Health

The One Thing You Shouldn't Do if You're Serious About Losing Weight

Published On 12/09/2016 Published On 12/09/2016
losing weight scale
Daniel Fishel/Thrillist

There's a diabolical machine in most American homes that fuels self-sabotage, the No. 1 killer of weight loss-related commitments. It's a seemingly innocuous machine -- but if you're trying to lose weight, using it may all but guarantee you won't. Or, if you do lose weight, that you gain it all back.

I'm a personal trainer who used to weigh more than 300lbs. After a lifetime of dieting, losing weight, and then gaining it back, I finally got to a comfortable weight. I've maintained that weight for over a decade, in part because I finally stopped using this machine: the bathroom scale.

When and how getting on the scale fuels self-sabotage varies from person to person, but for most folks who struggle with self-sabotage, one thing is clear: Seeing what you weigh when you're trying to weigh less all but ensures that you'll weigh more.

I know. I wasted years having weight-loss progress halted by stepping on the scale, regardless of whether I'd lost, gained, or stayed the same.

When my weight stayed the same

I can remember many times I got on the scale feeling great -- better-rested, well-hydrated, stronger, and more calm -- because I'd been eating only healthy food and hitting the gym every day. Then I got on the scale. If my weight hadn't changed, all that good stuff flew from mind. Accomplishment turned to despair. Then I'd drag my defeated ass to the nearest cafe and do myself and my diet some serious damage.

In life, there are few things that healthy eating and regular exercise don't improve. One of the consequences of getting on the scale -- which may or may not say what you want it to say on any given day -- is that you lose sight of how great you feel. Once you lose sight of the pleasure you're feeling, keeping healthy commitments becomes even harder.

Instead of getting on the scale, pay attention to how satisfying it feels to wake up after a good night's sleep. Notice and enjoy it if work feels better because you're calm and can cope with the bullshit better. Don't get distracted by what you may or may not weigh. "More pleasure, less measure" helps commitments stick.

When I'd gained weight

I was in one of my dozen stints in the joint (my term for Weight Watchers) when I strutted in for my weekly weigh-in after a perfect, cheat-free week. I felt like Wonder Woman: strong, capable, and like I was using my powers for good.

But the scale said I'd gained weight.

I lost my superpowers and critical-thinking skills on the spot. Every exercise class I'd gone to, every meal I'd painstakingly prepared, every glass of water I'd chugged, it was all useless. "Nothing I do matters, so what's the point?" I thought. I sat through the meeting, planning what treats I'd buy on my way home to make up for lost time.

The scale measures only one thing: the numerical value of gravity's pull on your body. It can't account for variables like water retention, hormonal fluctuations, or the shoes you happen to be wearing. Because it can't account for factors that can stall or temporarily reverse weight loss, the scale is an imperfect judge of progress, especially in the short term.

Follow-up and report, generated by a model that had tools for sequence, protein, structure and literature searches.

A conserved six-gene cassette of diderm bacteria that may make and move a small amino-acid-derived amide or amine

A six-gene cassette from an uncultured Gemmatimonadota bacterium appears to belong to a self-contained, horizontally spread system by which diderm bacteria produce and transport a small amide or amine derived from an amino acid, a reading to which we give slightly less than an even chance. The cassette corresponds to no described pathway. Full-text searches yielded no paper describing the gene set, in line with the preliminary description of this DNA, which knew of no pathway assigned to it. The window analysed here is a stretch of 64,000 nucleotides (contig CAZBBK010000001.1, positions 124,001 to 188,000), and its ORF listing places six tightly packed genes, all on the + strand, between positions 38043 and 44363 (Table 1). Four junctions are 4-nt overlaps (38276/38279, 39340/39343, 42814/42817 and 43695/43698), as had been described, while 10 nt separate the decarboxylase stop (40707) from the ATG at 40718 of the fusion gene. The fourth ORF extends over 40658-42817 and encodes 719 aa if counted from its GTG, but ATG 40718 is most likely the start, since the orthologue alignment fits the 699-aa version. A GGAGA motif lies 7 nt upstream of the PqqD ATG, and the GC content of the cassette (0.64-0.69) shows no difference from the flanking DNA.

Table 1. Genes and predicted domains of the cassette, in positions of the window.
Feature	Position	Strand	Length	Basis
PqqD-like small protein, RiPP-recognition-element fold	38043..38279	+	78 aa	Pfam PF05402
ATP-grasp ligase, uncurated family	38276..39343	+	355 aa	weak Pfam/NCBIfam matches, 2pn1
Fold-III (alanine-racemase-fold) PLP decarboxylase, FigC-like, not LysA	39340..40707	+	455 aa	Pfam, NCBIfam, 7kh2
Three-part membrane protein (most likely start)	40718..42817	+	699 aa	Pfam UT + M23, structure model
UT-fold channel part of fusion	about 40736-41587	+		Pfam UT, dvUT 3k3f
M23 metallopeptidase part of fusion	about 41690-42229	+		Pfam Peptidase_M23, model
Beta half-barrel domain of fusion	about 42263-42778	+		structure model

If you're going to rely on a number as a significant source of feedback, you'd better brush up on your statistics skills. Even 3lbs is well within most women's monthly margin of error. Better yet, ignore the math. Ask yourself, "Do I feel proud of the choices I'm making?" Yes? Fantastic. Let that feeling push you forward, and don't jeopardize your progress by getting on the scale.

Yes, even when I lost weight the scale conspired against me

I'll admit it: Back when I was still losing and gaining the same 50-100lbs, every time I got on the scale and I'd lost weight, I felt amazing. Especially if I'd just hit a small, but meaningful (to me), weight-loss goal, like 10 or 20lbs. I felt like I was doing what I'd set out to do, and all was right with the world.

Then, maybe an hour later, I'd want to celebrate.

Since childhood I've watched thin, ageless women enjoying the same sugary snacks that I preferred to avoid when I was trying to lose weight as an adult. Still, those images of carefree beauties noshing on pastries helped shape one of my big fantasies: to eat cake while thin (and hot and young, preferably in a posh SoHo loft).

How better to celebrate my weight loss, I thought, than to eat cake? Were I someone who can eat sweets in moderation, celebrating with a slice of cake would be fine, but I'm not that person. Those celebratory treats ushered in months-long binges that brought my weight back, fast.

Losing weight doesn't change who you are, and it certainly doesn't turn you into a hot, ageless ingenue like the ones you see on TV nibbling chocolate with impunity. You can't become someone you're not, but you can be honest with yourself about who you are, and how you behave around certain food. If you stay true to yourself, then you can make consistently healthy choices around food.

Losing weight isn't easy, and getting on the scale can make it even harder. But focusing on how you feel when you're on track -- confident, energized, and progressively more comfortable -- helps you stay committed and continue to make progress. As long as you have a scale in your bathroom, self-sabotage is just a step away.

Do yourself and your health a favor: Toss the scale. Focusing on the pride, confidence, and comfort you feel when you're eating well and exercising is all the information you need.

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